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CSPI Criticizes Senate's Sneak Attack on Food Labeling

Bill Limits FDA Authority to Prohibit Misleading Claims; Permits Manufacturers to Hide Irradiated Food Labels

An industry-supported bill that weakens food labeling laws passed the U.S. Senate today, drawing sharp criticism from a non-profit consumer group. The bill eliminates clear labeling of irradiated foods and allows potentially misleading health claims on food packages. The food labeling provisions were attached to the unrelated Prescription Drug User Fee Act reauthorization with little debate at the urging of food industry trade groups.

"Congress should stop this sneak attack on the American public," said Michael Jacobson, executive director of the Center for Science in the Public Interest (CSPI). "The food industry is hiding in the shadow of unrelated legislation so it can slip anti-consumer provisions into law at the last minute. The Senate let them get away with it but the House should not." A House of Representatives committee is scheduled to vote on the bill this week.

The bill removes the requirement that irradiated food be prominently marked with a symbol and words. Instead, manufacturers can hide the fact that food has been irradiated in tiny print on the back of the package. Over 92 percent of American consumers want irradiated food to be clearly labeled, according to a 1996 poll conducted by Bruskin/Goldring Research.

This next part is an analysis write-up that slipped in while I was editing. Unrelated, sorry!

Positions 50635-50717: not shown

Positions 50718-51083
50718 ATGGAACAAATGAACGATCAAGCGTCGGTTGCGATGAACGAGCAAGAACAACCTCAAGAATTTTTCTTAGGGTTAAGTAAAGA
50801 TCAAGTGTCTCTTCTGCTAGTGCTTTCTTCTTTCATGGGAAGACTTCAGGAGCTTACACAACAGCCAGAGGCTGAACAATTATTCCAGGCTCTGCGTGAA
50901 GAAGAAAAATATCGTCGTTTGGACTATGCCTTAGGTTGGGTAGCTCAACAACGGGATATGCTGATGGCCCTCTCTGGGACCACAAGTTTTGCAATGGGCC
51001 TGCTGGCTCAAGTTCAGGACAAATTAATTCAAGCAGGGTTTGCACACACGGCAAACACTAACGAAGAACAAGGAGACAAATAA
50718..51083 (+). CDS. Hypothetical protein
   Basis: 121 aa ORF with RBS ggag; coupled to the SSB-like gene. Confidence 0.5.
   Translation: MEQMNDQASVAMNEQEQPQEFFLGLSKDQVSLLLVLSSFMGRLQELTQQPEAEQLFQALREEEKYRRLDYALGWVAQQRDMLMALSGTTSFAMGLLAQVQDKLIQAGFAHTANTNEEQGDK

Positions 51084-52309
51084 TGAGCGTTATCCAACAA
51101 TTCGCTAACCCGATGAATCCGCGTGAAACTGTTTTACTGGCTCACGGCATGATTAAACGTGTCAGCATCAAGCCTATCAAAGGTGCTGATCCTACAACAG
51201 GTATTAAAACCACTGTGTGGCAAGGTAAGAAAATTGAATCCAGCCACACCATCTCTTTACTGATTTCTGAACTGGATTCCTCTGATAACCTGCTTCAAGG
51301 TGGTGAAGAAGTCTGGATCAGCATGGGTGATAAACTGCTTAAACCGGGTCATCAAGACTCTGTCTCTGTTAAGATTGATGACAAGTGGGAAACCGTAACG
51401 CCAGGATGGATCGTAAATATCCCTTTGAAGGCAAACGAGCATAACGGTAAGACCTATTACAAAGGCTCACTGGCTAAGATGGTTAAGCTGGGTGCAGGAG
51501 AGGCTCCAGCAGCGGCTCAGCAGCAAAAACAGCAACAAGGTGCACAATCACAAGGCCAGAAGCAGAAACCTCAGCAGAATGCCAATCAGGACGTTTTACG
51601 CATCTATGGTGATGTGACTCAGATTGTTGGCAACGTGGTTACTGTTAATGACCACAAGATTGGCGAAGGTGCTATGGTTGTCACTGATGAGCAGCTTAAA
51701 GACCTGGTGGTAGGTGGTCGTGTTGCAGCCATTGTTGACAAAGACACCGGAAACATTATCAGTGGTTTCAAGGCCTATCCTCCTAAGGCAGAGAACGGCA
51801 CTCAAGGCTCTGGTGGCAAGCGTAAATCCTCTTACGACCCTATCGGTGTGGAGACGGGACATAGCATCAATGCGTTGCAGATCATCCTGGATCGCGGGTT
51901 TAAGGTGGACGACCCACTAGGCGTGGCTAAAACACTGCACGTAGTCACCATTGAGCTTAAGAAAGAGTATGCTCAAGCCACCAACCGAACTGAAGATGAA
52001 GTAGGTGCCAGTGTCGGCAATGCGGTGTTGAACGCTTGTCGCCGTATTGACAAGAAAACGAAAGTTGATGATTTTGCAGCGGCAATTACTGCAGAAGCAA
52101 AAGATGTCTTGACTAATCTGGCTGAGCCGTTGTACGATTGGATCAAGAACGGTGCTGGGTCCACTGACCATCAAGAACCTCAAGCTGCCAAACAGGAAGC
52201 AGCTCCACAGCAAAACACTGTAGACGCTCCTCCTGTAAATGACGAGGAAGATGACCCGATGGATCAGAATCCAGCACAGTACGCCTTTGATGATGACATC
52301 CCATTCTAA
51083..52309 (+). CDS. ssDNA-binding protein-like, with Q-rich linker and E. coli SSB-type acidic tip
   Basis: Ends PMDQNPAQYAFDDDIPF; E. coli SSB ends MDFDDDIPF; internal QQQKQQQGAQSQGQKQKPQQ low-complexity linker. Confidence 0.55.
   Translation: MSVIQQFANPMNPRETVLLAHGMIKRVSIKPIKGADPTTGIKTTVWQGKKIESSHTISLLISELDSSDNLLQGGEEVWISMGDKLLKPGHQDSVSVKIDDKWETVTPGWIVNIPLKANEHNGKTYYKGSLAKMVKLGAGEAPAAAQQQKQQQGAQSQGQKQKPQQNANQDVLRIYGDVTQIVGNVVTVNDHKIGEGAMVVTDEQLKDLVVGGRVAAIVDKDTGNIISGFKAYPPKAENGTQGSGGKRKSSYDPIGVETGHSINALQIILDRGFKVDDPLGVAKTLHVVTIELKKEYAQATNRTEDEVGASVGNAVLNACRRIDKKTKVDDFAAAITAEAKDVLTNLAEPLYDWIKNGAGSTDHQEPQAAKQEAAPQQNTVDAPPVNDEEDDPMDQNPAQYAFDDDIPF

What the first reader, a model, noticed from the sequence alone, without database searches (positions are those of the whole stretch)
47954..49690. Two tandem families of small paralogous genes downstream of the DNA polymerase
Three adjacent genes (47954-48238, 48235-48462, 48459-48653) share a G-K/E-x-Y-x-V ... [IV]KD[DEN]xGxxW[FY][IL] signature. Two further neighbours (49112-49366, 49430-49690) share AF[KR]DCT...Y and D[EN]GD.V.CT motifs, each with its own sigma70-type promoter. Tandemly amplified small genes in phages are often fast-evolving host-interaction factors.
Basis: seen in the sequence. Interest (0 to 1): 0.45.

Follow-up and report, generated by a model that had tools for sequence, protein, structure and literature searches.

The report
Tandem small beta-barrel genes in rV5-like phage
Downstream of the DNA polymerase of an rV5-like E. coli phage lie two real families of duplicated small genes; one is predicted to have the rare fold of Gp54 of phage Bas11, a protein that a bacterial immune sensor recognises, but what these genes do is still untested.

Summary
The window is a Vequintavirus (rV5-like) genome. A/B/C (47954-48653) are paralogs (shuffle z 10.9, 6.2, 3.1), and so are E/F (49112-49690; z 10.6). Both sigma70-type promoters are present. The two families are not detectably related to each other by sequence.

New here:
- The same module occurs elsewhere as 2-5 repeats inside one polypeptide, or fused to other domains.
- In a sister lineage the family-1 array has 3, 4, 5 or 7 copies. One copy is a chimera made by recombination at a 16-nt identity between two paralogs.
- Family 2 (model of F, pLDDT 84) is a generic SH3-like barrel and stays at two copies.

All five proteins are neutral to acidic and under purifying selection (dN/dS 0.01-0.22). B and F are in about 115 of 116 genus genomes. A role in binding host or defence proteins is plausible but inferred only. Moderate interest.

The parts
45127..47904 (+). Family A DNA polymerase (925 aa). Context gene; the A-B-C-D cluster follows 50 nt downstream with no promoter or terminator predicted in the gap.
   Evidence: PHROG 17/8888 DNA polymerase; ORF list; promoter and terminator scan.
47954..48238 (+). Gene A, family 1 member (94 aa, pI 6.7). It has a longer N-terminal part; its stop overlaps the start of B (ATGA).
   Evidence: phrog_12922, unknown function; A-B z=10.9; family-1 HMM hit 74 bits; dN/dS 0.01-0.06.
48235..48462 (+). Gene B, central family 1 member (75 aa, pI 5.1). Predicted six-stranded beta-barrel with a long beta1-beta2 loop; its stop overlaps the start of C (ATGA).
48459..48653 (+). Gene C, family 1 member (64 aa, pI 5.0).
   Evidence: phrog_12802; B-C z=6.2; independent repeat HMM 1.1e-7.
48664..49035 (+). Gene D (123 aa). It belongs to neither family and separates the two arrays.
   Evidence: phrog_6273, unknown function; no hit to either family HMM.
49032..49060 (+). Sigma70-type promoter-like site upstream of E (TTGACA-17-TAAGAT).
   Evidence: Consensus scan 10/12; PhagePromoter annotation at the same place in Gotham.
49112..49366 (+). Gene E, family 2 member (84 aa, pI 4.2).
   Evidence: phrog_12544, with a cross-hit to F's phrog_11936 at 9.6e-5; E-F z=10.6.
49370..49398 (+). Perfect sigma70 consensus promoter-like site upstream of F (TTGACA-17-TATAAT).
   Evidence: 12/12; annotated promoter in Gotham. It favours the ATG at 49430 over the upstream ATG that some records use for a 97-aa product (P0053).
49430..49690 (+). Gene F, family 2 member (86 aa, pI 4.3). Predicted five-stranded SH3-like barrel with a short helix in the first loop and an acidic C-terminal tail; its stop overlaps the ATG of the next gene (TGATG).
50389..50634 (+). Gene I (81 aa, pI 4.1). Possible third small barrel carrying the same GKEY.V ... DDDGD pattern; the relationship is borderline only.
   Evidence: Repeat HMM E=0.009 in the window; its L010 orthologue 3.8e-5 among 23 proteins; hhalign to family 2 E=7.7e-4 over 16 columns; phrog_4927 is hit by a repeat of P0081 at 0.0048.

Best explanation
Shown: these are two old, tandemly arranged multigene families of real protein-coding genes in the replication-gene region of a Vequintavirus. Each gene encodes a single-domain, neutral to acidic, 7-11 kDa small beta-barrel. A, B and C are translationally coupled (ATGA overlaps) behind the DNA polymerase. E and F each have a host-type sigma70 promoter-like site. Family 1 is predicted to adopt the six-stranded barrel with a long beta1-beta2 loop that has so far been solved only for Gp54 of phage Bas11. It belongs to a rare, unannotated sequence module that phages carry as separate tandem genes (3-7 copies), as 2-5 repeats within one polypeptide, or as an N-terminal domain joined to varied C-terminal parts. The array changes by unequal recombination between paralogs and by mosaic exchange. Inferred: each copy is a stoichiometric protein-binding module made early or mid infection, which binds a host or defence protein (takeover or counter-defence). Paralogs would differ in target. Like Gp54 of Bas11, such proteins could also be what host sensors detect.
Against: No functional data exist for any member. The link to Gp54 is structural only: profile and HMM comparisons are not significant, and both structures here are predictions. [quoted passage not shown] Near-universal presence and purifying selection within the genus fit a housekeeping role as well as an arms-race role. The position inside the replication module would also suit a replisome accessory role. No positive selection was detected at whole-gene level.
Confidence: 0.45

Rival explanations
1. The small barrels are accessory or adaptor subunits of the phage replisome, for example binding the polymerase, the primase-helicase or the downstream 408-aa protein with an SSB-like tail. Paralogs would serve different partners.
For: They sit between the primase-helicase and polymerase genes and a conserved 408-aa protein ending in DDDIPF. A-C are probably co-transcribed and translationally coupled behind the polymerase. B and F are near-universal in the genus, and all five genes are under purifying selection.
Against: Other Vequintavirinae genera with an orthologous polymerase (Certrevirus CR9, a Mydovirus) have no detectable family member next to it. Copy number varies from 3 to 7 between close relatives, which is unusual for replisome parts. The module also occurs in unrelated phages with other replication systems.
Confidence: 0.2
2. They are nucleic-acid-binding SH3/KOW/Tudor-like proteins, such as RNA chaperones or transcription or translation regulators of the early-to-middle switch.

"Congress should realize that hiding the fact that foods have been irradiated will only fuel consumer skepticism about irradiation," said Carol Tucker Foreman, former Assistant Secretary of Agriculture. "Passage of this legislation will garner for Congress the same level of disrespect that came from hiding the $50 billion tobacco tax credit."

The bill also could open the door to a flood of misleading new health claims on food labels by eliminating a requirement that such claims be pre-approved by the Food and Drug Administration. This measure, which has been opposed by a broad coalition of health groups, is an attempt to weaken the landmark Nutrition Labeling and Education Act (NLEA).

"This provision is a serious disservice to the health of the American people," said Bruce Silverglade. "It will turn back the clock to the days before passage of the NLEA, when food labels made confusing and deceptive claims about health benefits."

CSPI is a nonprofit, consumer organization, based in Washington, DC. It is supported largely by more than 900,000 subscribers to Nutrition Action Healthletter. CSPI led the drive for the current law that requires nutrition information on almost all food labels in the U.S. and set standards for health and nutrition claims on labels.